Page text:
Saints of the Missions

October is the month of the missions in the Catholic Church. Pope Francis proclaimed that this year we would celebrate an extraordinary month of missions to recall the hundredth anniversary of an apostolic letter of Pope Benedict XV, Maximum Illud, which opened up a new understanding of mission.

What I found most refreshing in this one hundred year old letter is the way the pope sought to separate missionary activity from any type of nationalism or colonialism.

“the true missionary is always aware that he is not working as an agent of his country, but as an ambassador of Christ”

Pope Benedict XV praised the work of sisters in missionary countries and also called for others to collaborate in mission. In addition, the pope wanted to see the development of local clergy as an important part of missionary activity.

In our diocese, parishes sent out missionaries to other parishes in the deaneries. Our parish, Dulce Nombre de María, sent about fifty to the parish of Corquín, at the other end of our deanery. I had it easy and went to the US for the mission week.

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But, to help myself pray and reflect on the missionary vocation of every Christian I complied a calendar of saints, blessed, and holy persons who died or celebrated their feast day in October.

But what is most interesting is that the month begins and ends on the feast days of two persons who never went to the missions but are linked to mission.

October 1 is the feast of the cloistered Carmelite sister who died at the age of 24. Saint Thèrése of Lisieux is the patron saint of missions. She wanted to go to the Carmelite foundation in Indochina (Vietnam), but was unable. Yet she prayed for missionaries and had a missionary spirit.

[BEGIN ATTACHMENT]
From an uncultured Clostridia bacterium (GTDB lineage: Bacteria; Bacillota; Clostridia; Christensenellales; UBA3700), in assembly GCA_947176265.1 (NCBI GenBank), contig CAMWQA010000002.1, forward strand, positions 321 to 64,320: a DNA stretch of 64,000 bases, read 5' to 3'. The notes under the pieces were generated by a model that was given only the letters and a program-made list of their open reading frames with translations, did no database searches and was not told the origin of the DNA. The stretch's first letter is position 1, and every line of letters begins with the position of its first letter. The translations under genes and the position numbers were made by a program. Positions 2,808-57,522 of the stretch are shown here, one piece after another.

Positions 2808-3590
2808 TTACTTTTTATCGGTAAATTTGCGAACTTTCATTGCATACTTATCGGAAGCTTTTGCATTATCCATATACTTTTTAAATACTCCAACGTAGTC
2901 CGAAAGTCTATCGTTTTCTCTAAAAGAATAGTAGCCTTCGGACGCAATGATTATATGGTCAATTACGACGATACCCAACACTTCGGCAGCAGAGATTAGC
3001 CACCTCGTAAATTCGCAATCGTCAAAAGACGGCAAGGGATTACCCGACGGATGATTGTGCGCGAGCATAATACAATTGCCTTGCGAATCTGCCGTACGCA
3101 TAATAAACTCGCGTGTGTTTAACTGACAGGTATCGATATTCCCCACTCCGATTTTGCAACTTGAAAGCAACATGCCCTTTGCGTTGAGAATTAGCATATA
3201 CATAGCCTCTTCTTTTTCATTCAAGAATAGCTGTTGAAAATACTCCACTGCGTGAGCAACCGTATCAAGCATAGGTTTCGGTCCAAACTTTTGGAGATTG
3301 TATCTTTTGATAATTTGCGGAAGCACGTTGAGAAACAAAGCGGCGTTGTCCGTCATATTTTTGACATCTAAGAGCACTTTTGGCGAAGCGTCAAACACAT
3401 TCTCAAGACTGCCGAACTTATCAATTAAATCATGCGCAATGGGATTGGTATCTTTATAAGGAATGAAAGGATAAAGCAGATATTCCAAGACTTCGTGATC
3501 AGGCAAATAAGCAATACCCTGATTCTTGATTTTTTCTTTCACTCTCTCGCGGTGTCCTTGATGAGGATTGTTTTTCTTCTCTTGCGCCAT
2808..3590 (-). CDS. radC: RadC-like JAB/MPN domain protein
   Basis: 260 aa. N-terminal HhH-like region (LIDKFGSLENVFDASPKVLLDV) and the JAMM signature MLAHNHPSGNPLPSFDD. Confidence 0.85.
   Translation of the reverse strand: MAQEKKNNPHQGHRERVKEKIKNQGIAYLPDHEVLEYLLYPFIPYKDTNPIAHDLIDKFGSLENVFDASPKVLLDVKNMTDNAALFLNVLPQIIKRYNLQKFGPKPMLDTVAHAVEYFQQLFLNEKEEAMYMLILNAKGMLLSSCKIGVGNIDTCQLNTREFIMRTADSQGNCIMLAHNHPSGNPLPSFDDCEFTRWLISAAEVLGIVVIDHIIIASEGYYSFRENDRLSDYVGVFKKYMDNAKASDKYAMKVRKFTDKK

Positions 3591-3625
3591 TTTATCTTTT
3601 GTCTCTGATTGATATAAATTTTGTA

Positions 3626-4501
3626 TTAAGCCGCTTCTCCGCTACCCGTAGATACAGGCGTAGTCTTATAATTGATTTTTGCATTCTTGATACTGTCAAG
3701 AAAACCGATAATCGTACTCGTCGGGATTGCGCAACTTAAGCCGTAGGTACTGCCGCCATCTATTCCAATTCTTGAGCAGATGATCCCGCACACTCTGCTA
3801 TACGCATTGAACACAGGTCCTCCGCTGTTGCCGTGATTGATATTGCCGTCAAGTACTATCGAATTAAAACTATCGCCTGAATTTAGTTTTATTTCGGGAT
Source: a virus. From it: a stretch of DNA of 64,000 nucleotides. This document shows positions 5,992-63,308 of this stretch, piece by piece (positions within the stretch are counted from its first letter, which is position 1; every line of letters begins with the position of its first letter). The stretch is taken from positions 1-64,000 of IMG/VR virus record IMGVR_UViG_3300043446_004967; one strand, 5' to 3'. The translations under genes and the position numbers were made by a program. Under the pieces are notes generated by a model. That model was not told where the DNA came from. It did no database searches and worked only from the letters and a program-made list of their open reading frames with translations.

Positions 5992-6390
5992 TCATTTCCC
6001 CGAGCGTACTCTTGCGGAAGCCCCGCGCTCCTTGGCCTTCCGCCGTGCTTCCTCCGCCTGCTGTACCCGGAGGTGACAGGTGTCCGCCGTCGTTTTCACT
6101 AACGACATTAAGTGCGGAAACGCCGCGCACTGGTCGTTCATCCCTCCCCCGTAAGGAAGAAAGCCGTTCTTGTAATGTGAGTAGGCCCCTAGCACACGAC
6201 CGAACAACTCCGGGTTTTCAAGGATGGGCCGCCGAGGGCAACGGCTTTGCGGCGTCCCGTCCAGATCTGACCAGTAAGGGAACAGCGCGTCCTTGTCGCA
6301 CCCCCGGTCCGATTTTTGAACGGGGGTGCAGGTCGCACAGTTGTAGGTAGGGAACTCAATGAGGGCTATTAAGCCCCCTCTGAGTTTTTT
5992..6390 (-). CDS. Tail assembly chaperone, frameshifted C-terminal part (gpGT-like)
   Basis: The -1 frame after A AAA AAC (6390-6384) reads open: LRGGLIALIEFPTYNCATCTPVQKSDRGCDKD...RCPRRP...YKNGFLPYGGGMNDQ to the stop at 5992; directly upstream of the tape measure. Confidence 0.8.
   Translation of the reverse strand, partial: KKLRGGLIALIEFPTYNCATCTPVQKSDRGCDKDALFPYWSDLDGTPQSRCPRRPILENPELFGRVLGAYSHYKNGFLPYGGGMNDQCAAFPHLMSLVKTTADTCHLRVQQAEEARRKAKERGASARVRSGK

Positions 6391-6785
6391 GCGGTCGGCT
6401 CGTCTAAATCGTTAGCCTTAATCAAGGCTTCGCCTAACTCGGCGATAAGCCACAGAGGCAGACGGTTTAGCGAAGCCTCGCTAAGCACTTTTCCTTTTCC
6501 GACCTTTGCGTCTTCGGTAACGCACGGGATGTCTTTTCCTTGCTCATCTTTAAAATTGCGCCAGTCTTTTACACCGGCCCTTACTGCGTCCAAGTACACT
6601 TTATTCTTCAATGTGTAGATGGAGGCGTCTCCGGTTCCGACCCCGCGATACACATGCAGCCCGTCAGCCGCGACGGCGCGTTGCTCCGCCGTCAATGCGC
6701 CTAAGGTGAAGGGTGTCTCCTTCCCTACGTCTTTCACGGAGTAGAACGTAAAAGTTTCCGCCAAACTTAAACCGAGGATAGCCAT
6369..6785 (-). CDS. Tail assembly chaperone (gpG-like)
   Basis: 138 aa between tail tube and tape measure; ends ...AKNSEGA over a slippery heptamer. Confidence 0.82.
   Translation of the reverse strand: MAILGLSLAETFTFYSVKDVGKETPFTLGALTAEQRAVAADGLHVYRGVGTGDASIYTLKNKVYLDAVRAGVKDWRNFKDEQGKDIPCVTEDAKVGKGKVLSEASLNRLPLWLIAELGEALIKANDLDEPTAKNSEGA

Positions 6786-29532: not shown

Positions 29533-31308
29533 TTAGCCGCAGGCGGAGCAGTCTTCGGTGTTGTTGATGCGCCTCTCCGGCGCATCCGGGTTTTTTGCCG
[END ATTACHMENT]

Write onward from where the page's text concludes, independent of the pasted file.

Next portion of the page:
October 31 is the feast of the Jesuit brother, Saint Alfonso Rodríguez, who spent forty years as the door-keeper of the Jesuit house of studies on the island of Majorca. During his time there he was a spiritual guide for Saint Pedro Claver, the Jesuit who spent forty years in Colombia especially serving the slaves brought by the Spaniards to the port city of Cartagena. He owed his mission to the inspiration and advice of Saint Alfonso.

Missionary activity is so often thought of as going to another place, especially exotic lands, to preach the Gospel and, at least today, to witness to the Good News of Jesus for the poor. But Saints Thérèse and Alfonso show us the importance of being a witness to the Gospel wherever we are.

As Pope Francis has often noted, in Evangelii Gaudium, The Joy of the Gospel, 120

In virtue of their baptism, all the members of the People of God have become missionary disciples (cf. Mt 28:19). All the baptized, whatever their position in the Church or their level of instruction in the faith, are agents of evangelization… The new evangelization calls for personal involvement on the part of each of the baptized. Every Christian is challenged, here and now, to be actively engaged in evangelization; indeed, anyone who has truly experienced God’s saving love does not need much time or lengthy training to go out and proclaim that love. Every Christian is a missionary to the extent that he or she has encountered the love of God in Christ Jesus: we no longer say that we are “disciples” and “missionaries”, but rather that we are always “missionary disciples”.

The saints show us the way.

My calendar of October saints with quotes can be found here: OCTOBER saints

One response to “Saints of the Missions

  1. Thank you for this list, John Donaghy! And yes, so important to be a missionary where ever you happen to be. So much need everywhere. God bless your servant’s heart.

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